You can have as many reduction clauses as you would like, though you should be make careful note of the private and shared commands, which isolate variables to particular threads. – Richard Jun 14 '13 at 16:48
So let's say I had a triple loop, i=1 to A, j=1 to B, k=1 to C. Would using the same pragma statement you have listed split up the loop by the i=1 to A loop? – MrP Jun 14 '13 at 16:53
Note you'll need one more modulus after this loop total %= modulus, the reduction clause will only add the total of each thread for you which in general will not be between 0 and modulus-1 – GuyGreer Jun 14 '13 at 17:04

As presumably the f(i) are independent but take the same time roughly to run, you could create yourself 4 threads, and get each to sum up 1/4 of the total, then return the sum as a value, and join each one. This isn't a very flexible method, especially if the times the f(i) times can be random.

You might also want to consider a thread pool, and make each thread calculate f(i) then get the next i to sum.

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This is not a valid answer as it is a rephrasing of what I am asking for – MrP Jun 14 '13 at 16:36
no, it is 2 methods of doing what you're asking for. – Tom Tanner Jun 14 '13 at 16:37

you may can use threading building blocks and lambda-function if u are using c++11. than your loop would looks like:

tbb::parallel_for(1, N, [=](long long i) {
  total = (total + f(i)) % modulus;

and whitout overflow checks:

tbb::parallel_for(1, N, [=](long long i) {
  total = (total + f(i));
total %= modulus;
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Try openMP's parallel for with the reduction clause for your total

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If f(long long int) is a function that solely relies on its input and no global state and the abelian properties of addition hold, you can gain a significant advantage like this:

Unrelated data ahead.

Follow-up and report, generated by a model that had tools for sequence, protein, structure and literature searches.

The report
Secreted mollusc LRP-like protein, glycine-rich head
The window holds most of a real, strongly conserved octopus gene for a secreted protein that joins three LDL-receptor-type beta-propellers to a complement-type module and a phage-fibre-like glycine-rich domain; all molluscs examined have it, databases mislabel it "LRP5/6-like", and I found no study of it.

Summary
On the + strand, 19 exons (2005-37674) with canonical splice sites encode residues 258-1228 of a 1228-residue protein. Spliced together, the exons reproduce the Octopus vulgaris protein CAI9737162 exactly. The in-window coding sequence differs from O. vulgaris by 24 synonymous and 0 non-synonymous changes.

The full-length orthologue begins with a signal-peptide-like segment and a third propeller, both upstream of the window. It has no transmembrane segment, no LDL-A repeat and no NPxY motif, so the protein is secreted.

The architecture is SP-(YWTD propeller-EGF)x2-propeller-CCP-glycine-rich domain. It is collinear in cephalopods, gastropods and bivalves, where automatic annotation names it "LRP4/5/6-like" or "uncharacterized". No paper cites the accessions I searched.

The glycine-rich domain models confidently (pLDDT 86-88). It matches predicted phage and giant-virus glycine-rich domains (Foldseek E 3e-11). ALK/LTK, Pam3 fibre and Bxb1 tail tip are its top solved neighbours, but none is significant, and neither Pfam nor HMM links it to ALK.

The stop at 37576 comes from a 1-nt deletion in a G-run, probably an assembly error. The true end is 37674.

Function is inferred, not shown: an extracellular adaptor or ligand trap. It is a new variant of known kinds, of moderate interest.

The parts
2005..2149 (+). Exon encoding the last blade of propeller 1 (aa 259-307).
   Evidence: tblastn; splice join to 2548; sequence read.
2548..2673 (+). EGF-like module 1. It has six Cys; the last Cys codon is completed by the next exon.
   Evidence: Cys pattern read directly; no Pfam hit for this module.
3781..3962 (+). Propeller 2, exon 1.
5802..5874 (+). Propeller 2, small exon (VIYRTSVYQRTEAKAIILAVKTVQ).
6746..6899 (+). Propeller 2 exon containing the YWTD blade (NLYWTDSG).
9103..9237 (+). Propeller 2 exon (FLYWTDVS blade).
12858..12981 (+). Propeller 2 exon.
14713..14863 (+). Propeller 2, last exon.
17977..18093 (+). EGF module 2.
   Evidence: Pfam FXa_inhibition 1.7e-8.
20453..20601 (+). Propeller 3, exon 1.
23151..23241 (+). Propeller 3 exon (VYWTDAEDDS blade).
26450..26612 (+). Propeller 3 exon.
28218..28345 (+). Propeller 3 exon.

for(long long int i = 0, j = 1; i < N; i += 2, j += 2)
    total1 = (total1 + f(i)) % modulus;
    total2 = (total2 + f(j)) % modulus;

total = (total1 + total2) % modulus;

Breaking this out like that should help by allowing the compiler to improve code generation and the CPU to use more resources (the two operations can be handled in parallel) and pump more data out and reduce stalls. [I am assuming an x86 architecture here]

Of course, without knowing what f really looks like, it's hard to be sure if this is possible or if it will really help or make a measurable difference.

There may be other similar tricks that you can exploit special knowledge of your input and your platform - for example, SSE instructions could allow you to do even more. Platform-specific functionality might also be useful. For example, a modulo operation may not be required at all and your compiler may provide a special intrinsic function to perform addition modulo N.

I must ask, have you profiled your code and found this to be a hotspot?

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I don't know how to profile code properly, but it is a hotspot – MrP Jun 14 '13 at 16:50
I think you mean i+=2, j+=2. Also, notice that OP loop starts at 1, though it's a minor point (nitpick some would say) – didierc Jun 14 '13 at 17:20
Oops - you are of course correct; silly typo. – Nik Bougalis Jun 14 '13 at 18:24